In 1835, the Galapagos Islands shaped the thoughts of a young British naturalist named Charles Darwin, and helped inspire his world-shaking theory of evolution. For that reason, the islands have become something of a Mecca for biologists, who travel there to see the same odd creatures that enthused Darwin.
(From the Atlantic / by Ed Yong) — “I like seeing wildlife in general, but some of these creatures have become iconic in evolutionary biology,” says Leonid Kruglyak from the University of California, Los Angeles, who visited the Galapagos in 2012. The famous finches, with their well-adapted and variously shaped beaks, are especially famous, but Kruglyak found them underwhelming. He was more drawn to the flightless cormorants.
There are around 40 species of these birds in the world, and all but one of them can fly. The sole exception lives on the Galapagos, and can be seen on the coasts of the Isabela and Fernandina islands, drying its shriveled and tatty wings in the sun. Compared to other cormorants, this one is about 60 percent bigger. Its wings are smaller and its feathers shorter. Its breast muscles, which would normally power a flapping stroke, are smaller, and the part of the breastbone that anchors those muscles is stubbier.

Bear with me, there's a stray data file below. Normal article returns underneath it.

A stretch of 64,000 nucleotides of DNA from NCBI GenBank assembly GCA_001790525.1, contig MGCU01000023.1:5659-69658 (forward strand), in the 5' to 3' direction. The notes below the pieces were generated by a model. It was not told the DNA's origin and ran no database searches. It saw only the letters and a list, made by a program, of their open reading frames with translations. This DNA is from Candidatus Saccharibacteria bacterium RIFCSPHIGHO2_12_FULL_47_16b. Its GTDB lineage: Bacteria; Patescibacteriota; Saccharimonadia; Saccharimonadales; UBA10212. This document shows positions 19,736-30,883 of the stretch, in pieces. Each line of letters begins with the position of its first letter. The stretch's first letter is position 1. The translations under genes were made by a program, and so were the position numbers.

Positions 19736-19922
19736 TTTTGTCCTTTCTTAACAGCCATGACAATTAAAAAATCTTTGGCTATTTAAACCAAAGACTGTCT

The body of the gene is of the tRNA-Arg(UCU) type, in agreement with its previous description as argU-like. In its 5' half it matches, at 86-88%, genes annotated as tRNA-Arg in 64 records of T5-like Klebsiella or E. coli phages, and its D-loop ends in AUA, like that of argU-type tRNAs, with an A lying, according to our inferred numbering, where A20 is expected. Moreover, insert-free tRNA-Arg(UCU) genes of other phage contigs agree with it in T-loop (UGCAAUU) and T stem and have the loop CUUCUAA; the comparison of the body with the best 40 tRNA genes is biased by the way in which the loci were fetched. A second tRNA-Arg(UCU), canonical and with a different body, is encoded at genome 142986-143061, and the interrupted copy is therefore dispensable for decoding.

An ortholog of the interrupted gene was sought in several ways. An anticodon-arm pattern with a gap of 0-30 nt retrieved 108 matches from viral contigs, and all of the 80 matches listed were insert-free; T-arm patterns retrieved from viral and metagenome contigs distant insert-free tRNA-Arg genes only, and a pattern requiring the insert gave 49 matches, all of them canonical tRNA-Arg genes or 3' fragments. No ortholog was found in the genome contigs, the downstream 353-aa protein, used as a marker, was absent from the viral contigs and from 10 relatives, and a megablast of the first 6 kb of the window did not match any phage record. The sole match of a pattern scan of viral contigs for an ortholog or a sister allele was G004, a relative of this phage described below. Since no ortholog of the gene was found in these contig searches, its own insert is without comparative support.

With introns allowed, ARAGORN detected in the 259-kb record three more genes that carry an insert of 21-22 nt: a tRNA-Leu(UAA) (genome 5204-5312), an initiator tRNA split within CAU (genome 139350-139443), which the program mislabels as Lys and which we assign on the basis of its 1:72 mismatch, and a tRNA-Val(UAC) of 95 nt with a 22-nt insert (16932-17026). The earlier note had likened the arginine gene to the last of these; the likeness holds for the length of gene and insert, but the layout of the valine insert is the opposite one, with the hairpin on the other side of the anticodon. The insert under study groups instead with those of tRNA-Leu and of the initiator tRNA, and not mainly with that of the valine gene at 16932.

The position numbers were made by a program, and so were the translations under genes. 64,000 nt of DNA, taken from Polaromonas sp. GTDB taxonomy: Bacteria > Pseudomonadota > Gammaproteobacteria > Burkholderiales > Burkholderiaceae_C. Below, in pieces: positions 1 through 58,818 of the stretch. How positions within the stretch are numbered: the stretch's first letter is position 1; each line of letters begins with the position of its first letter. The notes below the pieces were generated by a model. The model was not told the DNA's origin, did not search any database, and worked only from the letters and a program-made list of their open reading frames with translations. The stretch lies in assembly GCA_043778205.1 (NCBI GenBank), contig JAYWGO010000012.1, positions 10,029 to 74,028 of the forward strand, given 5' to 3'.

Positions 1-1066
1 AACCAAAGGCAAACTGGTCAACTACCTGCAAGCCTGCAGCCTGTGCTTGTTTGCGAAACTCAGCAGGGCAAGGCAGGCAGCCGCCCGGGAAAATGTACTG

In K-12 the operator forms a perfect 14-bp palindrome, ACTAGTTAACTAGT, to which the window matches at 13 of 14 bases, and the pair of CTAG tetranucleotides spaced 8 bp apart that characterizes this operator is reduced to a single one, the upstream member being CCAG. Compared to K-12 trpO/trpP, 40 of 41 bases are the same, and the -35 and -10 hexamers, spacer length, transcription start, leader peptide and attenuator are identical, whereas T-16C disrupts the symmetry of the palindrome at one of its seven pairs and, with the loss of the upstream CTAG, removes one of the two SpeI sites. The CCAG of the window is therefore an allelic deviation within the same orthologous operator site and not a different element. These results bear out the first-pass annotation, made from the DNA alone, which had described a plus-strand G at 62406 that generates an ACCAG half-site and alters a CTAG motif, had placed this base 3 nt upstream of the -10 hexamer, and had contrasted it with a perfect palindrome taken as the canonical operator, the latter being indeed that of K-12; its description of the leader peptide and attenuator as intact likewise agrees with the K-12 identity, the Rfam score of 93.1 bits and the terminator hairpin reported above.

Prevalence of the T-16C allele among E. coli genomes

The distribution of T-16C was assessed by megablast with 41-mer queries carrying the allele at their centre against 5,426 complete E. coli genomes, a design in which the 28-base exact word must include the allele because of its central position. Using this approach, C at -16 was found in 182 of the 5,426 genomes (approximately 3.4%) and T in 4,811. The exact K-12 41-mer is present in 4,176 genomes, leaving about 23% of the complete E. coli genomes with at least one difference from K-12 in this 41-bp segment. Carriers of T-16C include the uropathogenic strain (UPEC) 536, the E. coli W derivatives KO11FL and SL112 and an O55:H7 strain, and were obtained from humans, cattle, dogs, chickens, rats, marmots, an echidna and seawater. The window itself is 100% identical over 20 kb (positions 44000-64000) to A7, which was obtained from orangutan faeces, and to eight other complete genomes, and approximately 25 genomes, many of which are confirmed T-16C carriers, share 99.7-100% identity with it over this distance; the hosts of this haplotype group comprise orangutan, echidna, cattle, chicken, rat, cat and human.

Kruglyak wanted to know why this bird couldn’t take to the skies. Specifically, as a geneticist, he wanted to know what genetic changes had grounded it. When he got back to his lab, he reached out to a research team that had collected blood samples from 223 flightless cormorants—almost a quarter of the total endangered population. He and his own team used these samples to sequence the cormorant’s genome, then compared its DNA to that of three other cormorant species, looking for mutations that are unique to the flightless one, and that are likely to alter its genes in important ways.
They found a long list of affected genes. Many of these, when mutated in humans, distort the growth of limbs, resulting in extra fingers, missing digits, and other similar conditions. Some of them are also responsible for a group of rare inherited disorders called ciliopathies, where cilia—small hair-like structures on the surface of cells—don’t develop correctly. Cells use cilia to exchange signals and coordinate their growth. If these hairs don’t form correctly, many body parts don’t develop in the usual way. In particular, some people with ciliopathies grow up with short limbs and small ribcages—a striking parallel with the stunted wings and small breastbone of the flightless cormorant.